Silicon is a chemical element with symbol Si and atomic number 14. A hard and brittle crystalline solid with a blue-gray metallic luster, it is a tetravalent metalloid. It is a member of group 14 in the periodic table, along with carbon above it and germanium, tin, lead, and flerovium below. It is rather unreactive, though less so than germanium, and has great chemical affinity for oxygen; as such, it was first prepared and characterized in pure form only in 1823 by Jöns Jakob Berzelius.
Silicon is the eighth most common element in the universe by mass, but very rarely occurs as the pure element in the Earth's crust. It is most widely distributed in dusts, sands, planetoids, and planets as various forms of silicon dioxide (silica) or silicates. Over 90% of the Earth's crust is composed of silicate minerals, making silicon the second most abundant element in the Earth's crust (about 28% by mass) after oxygen.
Most silicon is used commercially without being separated, and often with little processing of the natural minerals. Such use includes industrial construction with clays, silica sand, and stone. Silicate is used in Portland cement for mortar and stucco, and mixed with silica sand and gravel to make concrete for walkways, foundations, and roads. Silicates are used in whiteware ceramics such as porcelain, and in traditional quartz-based soda-lime glass and many other specialty glasses. Silicon compounds such as silicon carbide are used as abrasives and components of high-strength ceramics.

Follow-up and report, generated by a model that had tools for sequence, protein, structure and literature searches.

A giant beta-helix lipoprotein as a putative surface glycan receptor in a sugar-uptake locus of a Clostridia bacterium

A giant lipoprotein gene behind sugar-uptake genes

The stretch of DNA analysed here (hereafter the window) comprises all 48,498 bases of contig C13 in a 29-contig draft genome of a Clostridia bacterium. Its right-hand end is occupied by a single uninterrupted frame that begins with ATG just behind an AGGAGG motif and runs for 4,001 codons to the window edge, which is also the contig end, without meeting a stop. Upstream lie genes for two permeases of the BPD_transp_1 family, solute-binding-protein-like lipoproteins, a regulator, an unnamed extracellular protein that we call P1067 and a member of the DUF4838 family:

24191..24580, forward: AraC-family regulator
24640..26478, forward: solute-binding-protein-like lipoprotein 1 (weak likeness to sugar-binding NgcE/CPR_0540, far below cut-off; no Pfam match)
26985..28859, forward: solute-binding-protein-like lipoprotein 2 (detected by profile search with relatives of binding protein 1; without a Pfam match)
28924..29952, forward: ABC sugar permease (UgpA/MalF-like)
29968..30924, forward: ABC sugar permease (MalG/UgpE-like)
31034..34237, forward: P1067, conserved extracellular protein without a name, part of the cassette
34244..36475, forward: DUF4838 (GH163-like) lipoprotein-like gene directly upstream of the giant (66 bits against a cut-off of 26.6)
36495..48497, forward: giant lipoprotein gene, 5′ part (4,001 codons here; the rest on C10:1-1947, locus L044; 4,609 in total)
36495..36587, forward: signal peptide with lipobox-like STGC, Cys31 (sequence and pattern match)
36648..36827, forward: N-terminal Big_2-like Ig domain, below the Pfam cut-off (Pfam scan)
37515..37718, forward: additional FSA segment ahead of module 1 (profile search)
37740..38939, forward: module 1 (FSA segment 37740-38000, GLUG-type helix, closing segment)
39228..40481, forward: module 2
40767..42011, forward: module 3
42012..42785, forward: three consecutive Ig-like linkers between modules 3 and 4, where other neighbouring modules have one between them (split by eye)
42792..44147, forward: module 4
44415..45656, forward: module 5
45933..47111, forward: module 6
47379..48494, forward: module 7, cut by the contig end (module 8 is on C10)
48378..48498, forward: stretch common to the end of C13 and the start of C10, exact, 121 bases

Elemental silicon also has a large impact on the modern world economy. Most free silicon is used in the steel refining, aluminium-casting, and fine chemical industries (often to make fumed silica). Even more visibly, the relatively small portion of very highly purified silicon used in semiconductor electronics (< 10%) is essential to integrated circuits — most computers, cell phones, and modern technology depend on it. Silicon is the basis of the widely used synthetic polymers called silicones.
Silicon is an essential element in biology, although only tiny traces are required by animals. However, various sea sponges and microorganisms, such as diatoms and radiolaria, secrete skeletal structures made of silica. Silica is deposited in many plant tissues, such as in the bark and wood of Chrysobalanaceae and the silica cells and silicified trichomes of Cannabis sativa, horsetails and many grasses.